Here is the third of three posts featuring photos of bronze, steel, and stained glass, part of my Exploring Architectural Photography series from Oakland Cemetery.
These first three images are the last ones (for now, anyway) that I took from outside mausoleums:
On many of the older mausoleums, the stained glass windows are covered on their exteriors with sheets of plexiglass … a good thing for protecting the glass, of course, but not so good for the photographer since plexiglass fades and discolors over time, captures a lot of dust and dirt, and blurs the window colors. I had to find different strategies for the images in this gallery, so either used the doors as foreground frames for the stained glass windows (the first six photos), or stuck my lens through openings in the doors and captured only part of the window (the last two photos). Typically the lens wouldn’t fit through the door elements, though, or was impossible to turn right or left if I got it through — which is why there are six photos using the first approach and only two using the second one. With some bright mid-morning sunlight, however, the windows glowed nicely from the outside-looking-in and highlighted a lot of their color and detail.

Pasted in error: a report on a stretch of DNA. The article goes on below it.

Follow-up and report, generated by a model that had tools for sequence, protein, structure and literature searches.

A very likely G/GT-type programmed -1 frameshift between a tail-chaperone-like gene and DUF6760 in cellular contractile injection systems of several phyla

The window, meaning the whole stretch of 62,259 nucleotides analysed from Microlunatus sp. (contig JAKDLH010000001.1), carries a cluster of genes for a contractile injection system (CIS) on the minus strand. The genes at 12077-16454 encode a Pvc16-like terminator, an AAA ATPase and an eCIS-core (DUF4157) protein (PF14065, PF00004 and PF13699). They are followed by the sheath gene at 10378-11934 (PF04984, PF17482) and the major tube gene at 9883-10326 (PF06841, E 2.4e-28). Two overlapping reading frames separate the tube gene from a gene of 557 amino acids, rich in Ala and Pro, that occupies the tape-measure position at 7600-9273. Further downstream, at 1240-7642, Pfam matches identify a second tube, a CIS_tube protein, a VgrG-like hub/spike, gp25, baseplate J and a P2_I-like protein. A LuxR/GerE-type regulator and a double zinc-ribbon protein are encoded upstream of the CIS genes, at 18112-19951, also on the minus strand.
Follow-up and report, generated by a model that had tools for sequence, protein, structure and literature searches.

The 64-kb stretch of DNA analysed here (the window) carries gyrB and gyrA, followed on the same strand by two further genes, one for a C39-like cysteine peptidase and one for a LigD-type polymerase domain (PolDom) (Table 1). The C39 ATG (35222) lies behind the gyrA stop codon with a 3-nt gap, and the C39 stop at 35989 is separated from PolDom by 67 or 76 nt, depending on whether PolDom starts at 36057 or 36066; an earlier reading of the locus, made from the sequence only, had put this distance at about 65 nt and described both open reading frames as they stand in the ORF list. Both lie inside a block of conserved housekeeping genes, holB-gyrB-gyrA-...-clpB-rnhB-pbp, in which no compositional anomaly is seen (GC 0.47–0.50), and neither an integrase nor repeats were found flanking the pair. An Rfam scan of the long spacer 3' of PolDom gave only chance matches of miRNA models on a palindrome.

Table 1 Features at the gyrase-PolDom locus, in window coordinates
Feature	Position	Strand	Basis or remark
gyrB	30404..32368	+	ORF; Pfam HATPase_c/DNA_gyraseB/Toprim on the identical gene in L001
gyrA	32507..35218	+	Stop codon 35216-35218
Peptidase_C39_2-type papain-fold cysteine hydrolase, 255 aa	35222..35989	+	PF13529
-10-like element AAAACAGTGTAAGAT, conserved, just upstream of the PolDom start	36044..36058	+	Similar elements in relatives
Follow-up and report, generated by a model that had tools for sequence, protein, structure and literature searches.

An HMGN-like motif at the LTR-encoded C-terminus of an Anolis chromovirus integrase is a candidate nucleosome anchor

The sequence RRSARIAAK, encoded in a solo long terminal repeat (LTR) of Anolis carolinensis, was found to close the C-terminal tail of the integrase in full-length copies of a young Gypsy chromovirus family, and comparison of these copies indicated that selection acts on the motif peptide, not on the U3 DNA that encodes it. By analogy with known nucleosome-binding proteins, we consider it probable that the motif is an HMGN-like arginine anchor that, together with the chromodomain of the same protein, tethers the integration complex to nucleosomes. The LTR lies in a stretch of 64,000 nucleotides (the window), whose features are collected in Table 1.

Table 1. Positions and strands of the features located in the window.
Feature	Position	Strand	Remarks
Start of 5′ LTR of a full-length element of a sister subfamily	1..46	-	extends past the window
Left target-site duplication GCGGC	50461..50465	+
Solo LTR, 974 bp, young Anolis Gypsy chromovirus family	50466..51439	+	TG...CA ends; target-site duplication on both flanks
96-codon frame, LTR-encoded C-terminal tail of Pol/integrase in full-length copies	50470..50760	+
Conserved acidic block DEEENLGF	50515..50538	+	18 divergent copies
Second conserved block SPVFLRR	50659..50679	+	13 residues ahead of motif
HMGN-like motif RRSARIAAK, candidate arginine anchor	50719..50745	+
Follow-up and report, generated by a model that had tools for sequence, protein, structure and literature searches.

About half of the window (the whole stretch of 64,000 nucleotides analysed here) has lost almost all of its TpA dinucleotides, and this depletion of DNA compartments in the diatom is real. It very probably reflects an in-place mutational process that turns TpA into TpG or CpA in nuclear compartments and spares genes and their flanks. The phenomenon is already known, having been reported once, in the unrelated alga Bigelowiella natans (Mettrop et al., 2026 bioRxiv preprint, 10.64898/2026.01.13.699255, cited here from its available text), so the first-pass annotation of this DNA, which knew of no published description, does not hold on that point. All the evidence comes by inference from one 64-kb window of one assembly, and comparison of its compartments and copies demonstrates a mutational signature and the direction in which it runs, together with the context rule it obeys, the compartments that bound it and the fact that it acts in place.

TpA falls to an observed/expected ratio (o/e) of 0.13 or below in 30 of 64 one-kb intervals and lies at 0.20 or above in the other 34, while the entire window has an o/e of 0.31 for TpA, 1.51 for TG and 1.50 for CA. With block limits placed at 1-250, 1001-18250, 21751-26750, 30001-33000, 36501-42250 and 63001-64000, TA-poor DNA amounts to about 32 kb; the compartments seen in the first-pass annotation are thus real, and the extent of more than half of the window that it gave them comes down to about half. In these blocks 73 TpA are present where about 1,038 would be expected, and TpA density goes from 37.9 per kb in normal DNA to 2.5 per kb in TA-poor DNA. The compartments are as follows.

I haven’t done a Before-and-After article in a while, so I’ve picked some of the images from this post to write about how they were taken, and mostly, how I processed them in Lightroom. Here’s a hint: the before versions of four of the images above, that I transformed substantially to create something I was satisfied with. I’m working on that post now and will likely publish it by the end of the week.
Thanks for taking a look!
The previous posts in this series are:
Exploring Architectural Photography: Dated Doors and Their Hardware
Exploring Architectural Photography: Steel and Stained Glass (1 of 3)
Exploring Architectural Photography: Steel and Stained Glass (2 of 3)